Time to clean up Detroit
Detroit's recently appointed emergency manager Kevyn Orr is charged with cleaning up the city's finances, but a group of Detroiters are also calling for pollution cleanup.
Dubbed "Michigan's Most Polluted Zip Code," Detroit faces a tangle of environmental problems. The city burns most of its trash; and there's no curbside recycling. An inadequate sewage system results in backups and untreated runoff. Lead contamination abounds, with from paint in old buildings to smelters that pollute the air and soil.
Rochelle Riley writes for the the Detroit Free Press that now is the time to address these problems:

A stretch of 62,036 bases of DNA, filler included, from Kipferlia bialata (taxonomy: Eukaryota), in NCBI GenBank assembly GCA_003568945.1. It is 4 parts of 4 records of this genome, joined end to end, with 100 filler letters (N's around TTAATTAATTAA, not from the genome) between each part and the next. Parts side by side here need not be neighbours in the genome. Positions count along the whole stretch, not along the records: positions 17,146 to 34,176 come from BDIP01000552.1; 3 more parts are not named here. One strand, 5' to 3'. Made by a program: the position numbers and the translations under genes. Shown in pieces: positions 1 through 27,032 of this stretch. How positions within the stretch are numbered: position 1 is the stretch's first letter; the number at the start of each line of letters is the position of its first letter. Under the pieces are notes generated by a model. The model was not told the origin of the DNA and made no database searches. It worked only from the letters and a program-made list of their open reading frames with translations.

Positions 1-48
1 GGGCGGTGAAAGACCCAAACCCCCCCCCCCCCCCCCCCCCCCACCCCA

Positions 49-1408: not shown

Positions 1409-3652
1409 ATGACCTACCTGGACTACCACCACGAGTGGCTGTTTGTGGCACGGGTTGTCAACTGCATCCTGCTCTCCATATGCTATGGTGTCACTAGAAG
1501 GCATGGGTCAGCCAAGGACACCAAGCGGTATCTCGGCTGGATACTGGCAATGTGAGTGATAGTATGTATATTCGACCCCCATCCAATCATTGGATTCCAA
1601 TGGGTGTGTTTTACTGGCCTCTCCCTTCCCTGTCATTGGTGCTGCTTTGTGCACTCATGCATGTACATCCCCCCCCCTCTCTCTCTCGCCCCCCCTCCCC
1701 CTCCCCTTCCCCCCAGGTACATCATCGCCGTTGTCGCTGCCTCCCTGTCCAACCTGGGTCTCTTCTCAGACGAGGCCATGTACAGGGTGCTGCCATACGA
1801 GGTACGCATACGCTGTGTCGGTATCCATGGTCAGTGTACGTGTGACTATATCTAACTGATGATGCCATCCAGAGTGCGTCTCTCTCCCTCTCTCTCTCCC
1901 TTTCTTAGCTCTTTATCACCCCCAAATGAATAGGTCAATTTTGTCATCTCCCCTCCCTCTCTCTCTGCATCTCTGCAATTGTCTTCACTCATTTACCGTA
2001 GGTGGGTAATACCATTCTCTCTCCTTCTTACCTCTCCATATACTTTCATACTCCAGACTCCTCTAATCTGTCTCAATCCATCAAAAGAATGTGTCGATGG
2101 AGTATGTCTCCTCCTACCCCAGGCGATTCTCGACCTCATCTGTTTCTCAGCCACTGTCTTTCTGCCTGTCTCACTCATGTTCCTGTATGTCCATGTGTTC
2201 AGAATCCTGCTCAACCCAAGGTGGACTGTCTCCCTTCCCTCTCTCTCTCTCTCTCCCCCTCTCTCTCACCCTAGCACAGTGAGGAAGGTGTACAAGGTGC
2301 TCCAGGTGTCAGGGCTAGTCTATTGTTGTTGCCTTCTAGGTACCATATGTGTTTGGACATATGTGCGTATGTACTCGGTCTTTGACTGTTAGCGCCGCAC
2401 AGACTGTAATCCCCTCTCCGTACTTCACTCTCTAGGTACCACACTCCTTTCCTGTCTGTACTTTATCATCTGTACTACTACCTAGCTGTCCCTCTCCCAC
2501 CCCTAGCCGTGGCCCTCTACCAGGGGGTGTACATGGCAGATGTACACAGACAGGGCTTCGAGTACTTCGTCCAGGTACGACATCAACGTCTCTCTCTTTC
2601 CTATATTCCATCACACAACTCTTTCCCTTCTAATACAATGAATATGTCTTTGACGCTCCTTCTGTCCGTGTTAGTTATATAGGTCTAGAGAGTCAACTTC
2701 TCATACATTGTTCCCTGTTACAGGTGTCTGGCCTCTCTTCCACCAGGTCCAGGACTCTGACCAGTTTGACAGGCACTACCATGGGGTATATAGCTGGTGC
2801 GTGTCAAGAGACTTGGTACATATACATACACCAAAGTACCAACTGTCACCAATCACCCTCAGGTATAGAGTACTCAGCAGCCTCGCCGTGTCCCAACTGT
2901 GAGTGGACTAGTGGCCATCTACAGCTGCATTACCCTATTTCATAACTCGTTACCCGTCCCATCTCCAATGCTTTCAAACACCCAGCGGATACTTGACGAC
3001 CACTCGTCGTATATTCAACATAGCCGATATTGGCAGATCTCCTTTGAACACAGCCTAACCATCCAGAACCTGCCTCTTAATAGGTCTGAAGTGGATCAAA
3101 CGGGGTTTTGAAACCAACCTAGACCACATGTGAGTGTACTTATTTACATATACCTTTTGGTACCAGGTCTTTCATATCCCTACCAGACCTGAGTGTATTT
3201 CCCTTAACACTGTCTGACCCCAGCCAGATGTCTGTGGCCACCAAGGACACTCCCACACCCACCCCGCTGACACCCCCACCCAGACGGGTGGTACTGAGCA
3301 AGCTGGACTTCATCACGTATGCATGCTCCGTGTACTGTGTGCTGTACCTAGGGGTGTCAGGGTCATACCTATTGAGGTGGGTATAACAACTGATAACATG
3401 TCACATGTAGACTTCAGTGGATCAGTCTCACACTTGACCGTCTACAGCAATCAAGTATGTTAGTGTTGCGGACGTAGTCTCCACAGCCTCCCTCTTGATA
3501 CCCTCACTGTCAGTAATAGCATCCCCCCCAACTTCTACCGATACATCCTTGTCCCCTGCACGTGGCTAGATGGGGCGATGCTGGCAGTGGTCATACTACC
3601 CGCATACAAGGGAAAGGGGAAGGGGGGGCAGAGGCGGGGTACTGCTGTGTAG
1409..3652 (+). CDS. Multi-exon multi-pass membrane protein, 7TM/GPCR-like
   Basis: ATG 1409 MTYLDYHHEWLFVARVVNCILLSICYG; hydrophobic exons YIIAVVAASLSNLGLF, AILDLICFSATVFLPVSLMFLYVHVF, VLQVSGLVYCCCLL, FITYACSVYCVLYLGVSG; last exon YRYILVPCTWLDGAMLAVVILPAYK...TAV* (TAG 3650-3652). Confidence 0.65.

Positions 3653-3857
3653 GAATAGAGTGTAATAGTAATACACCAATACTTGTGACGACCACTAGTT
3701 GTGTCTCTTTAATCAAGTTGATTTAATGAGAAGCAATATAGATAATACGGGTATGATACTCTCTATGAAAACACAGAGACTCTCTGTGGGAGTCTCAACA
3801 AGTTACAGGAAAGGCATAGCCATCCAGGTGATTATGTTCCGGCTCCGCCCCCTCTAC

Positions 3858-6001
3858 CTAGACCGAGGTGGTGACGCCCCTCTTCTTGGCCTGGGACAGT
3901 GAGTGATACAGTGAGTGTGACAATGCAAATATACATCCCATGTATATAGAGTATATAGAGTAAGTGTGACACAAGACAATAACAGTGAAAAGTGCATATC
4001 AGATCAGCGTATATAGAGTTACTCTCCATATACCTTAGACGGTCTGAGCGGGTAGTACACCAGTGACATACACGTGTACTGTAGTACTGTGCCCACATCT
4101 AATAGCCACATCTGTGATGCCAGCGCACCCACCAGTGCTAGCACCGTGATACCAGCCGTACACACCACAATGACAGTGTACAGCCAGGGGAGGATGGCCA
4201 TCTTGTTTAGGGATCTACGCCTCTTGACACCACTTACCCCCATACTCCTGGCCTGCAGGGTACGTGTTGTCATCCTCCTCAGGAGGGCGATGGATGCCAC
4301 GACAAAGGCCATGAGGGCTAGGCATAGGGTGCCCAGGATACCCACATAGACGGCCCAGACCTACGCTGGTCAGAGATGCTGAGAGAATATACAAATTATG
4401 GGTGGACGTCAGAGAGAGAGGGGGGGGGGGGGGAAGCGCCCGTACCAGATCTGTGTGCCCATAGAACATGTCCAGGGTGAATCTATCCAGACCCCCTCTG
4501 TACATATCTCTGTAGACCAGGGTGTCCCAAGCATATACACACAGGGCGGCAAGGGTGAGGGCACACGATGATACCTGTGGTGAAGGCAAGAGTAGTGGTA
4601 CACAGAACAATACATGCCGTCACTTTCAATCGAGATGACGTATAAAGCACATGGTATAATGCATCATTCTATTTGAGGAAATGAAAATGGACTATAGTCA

"Emergency manager Kevyn Orr is here to straighten out the city’s finances and reorganize delivery of city services. But just as important as any of that, environmental advocates say Orr needs to address a stark but little-discussed fact: Detroit is a dirty city, and it desperately needs cleaning up."
The advocacy group Detroiters Working for Environmental Justice is drafting an agenda for Orr's consideration. As city services like the police and fire departments are overhauled, hopefully the long-term environmental and health costs of pollution can be taken into account.